used to it.

 BA

 John Reimer wrote:
 It's common believe that the "private" for imports is broken.

 Did you move the imports to inside the class bodies?
 (of course leave the super class and interfaces out of the class)

 That might help (It worked for me)
 it seems to make scope of the
 import the same as any member of the class.

 Ant

No, I hadn't tried that yet. Though, after reading some of your =


 experiences, I was planning on doing that but fogot.

 I think Brad tried this already.  I'll try it later and see if it hel=


 Frankly, though, that doesn't seem a very intuitive use of D, unless =


 you can clarify why it works.  I won't complain too much if it works,=


 though.


-- = Using M2, Opera's revolutionary e-mail client: http://www.opera.com/m2/
Feb 22 2004
next sibling parent reply J C Calvarese <jcc7 cox.net> writes:
C wrote:
 Ant is right that it makes sense to put the import inside the class if 
 that's where you're going to use it.  It's not that way in Java, and 
 it's not that way in procedural languages, so it's a matter of getting 
 used to it.

It might make sense, but why does not having them in the class break it ? And I think this REALLY needs to be documented, and added as a part of the coding style.

I've convinced (just a gut feeling) this kind of stuff is a compiler bug. But since it only occurs in very complicated situations, it's hard to pare it down to a bug report that Walter will accept. And like John was saying, once I find a work-around I don't feel like complaining as much anymore.
 
 C

-- Justin http://jcc_7.tripod.com/d/
Feb 22 2004
parent reply Ant <Ant_member pathlink.com> writes:
In article <c1bjr6$253e$1 digitaldaemon.com>, J C Calvarese says...
C wrote:
 Ant is right that it makes sense to put the import inside the class if 
 that's where you're going to use it.  It's not that way in Java, and 
 it's not that way in procedural languages, so it's a matter of getting 
 used to it.

It might make sense, but why does not having them in the class break it ? And I think this REALLY needs to be documented, and added as a part of the coding style.

I've convinced (just a gut feeling) this kind of stuff is a compiler bug. But since it only occurs in very complicated situations,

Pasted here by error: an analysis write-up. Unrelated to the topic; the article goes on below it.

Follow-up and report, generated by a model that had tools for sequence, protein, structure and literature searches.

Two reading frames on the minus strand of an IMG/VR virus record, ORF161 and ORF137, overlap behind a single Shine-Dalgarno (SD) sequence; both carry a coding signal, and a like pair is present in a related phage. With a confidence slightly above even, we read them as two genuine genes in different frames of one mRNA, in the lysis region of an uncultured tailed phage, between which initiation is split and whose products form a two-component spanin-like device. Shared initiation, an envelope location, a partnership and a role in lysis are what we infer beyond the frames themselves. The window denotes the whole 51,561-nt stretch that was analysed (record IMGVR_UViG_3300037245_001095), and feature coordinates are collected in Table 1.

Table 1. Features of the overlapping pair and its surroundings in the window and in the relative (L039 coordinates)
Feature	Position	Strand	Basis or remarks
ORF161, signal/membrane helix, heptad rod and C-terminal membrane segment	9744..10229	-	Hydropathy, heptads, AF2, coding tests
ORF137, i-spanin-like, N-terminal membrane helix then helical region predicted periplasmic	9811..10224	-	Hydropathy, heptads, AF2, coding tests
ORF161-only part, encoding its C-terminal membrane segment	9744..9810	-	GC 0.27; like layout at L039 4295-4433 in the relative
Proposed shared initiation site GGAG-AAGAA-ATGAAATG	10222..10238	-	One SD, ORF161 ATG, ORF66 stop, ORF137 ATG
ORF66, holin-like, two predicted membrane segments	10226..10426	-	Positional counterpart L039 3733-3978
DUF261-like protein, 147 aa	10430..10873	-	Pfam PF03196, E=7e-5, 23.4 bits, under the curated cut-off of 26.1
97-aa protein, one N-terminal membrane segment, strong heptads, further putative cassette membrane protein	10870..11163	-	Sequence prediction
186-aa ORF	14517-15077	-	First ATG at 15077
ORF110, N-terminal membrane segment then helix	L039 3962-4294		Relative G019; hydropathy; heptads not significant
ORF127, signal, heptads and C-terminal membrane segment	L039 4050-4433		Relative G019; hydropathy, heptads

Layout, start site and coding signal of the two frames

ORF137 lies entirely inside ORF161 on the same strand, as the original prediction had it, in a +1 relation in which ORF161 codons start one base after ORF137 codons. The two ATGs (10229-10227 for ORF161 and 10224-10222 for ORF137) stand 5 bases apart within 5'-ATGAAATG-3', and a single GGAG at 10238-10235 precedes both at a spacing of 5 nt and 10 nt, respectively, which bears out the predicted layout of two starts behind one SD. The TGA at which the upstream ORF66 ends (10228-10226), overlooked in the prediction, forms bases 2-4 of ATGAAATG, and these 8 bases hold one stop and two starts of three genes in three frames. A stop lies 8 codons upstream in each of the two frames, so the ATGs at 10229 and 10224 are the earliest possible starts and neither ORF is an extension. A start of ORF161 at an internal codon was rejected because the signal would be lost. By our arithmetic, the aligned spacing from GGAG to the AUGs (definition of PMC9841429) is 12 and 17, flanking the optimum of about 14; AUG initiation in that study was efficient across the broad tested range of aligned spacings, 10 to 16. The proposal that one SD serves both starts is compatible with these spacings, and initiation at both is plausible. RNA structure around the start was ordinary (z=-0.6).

No, I have a simple example. (now I know I was really talking to myself on those posts.) Ant
Feb 22 2004
parent reply John Reimer <jjreimer telus.net> writes:
On Mon, 23 Feb 2004 01:36:00 +0000, Ant wrote:

 
 No, I have a simple example.
 
 (now I know I was really talking to myself on those posts.)
 
 Ant

:-D You were, but the monologue was not in vain. I read some of it. I guess nobody was running it that issue at the time.
Feb 22 2004
parent C <dont respond.com> writes:
Hehe same here, I went back and read it when i started having the proble=
m =

;).

C

On Sun, 22 Feb 2004 17:39:50 -0800, John Reimer <jjreimer telus.net> wro=
te:

 On Mon, 23 Feb 2004 01:36:00 +0000, Ant wrote:

 No, I have a simple example.

 (now I know I was really talking to myself on those posts.)

 Ant

:-D You were, but the monologue was not in vain. I read some of it. I guess nobody was running it that issue at the ti=


-- = Using M2, Opera's revolutionary e-mail client: http://www.opera.com/m2/
Feb 22 2004
prev sibling next sibling parent John Reimer <jjreimer telus.net> writes:
On Sun, 22 Feb 2004 19:01:13 -0800, C wrote:

 Ant is right that it makes sense to put the import inside the class if
 that's where you're going to use it.  It's not that way in Java, and
 it's not that way in procedural languages, so it's a matter of getting
 used to it.

It might make sense, but why does not having them in the class break it ? And I think this REALLY needs to be documented, and added as a part of the coding style.

Yes, it may make sense that it works that way. But it doesn't make sense that it doesn't work outside of the class, ie. module scope (or perhaps I'm missing something again). We expect that an integer declared in module scope will be available to all interior scopes, right? Import doesn't work that way? That said, I guess I just have learn to treat import like I would other internal variable declarations. It's preferable to import within the most global scope that makes use of the imported items. It's also somewhat foreign to me to see an import statement inside of a class definition. That's likely why I have trouble getting familiar with it. It may be the D way. I'll get used to it. And, yes, Charles is right. This issue appears to be very common and should be a documented method of object oriented D coding style. Thanks, John
Feb 22 2004
prev sibling parent reply Ant <Ant_member pathlink.com> writes:
In article <opr3syobatehmtou localhost>, C says...
 Ant is right that it makes sense to put the import inside the class if
 that's where you're going to use it.  It's not that way in Java, and =
 it's not that way in procedural languages, so it's a matter of getting=
 used to it.

It might make sense, but why does not having them in the class break it =

it's a bug (?)
And I think this REALLY needs to be documented, and added as a part of the
coding style.

At the time I asked Walter if this was really a feature of the language or some overlooked constraint by dmd. I don't remember getting any answer back. It is (was?) used on phobos. Ant
Feb 22 2004
parent reply Lars Ivar Igesund <larsivar igesund.net> writes: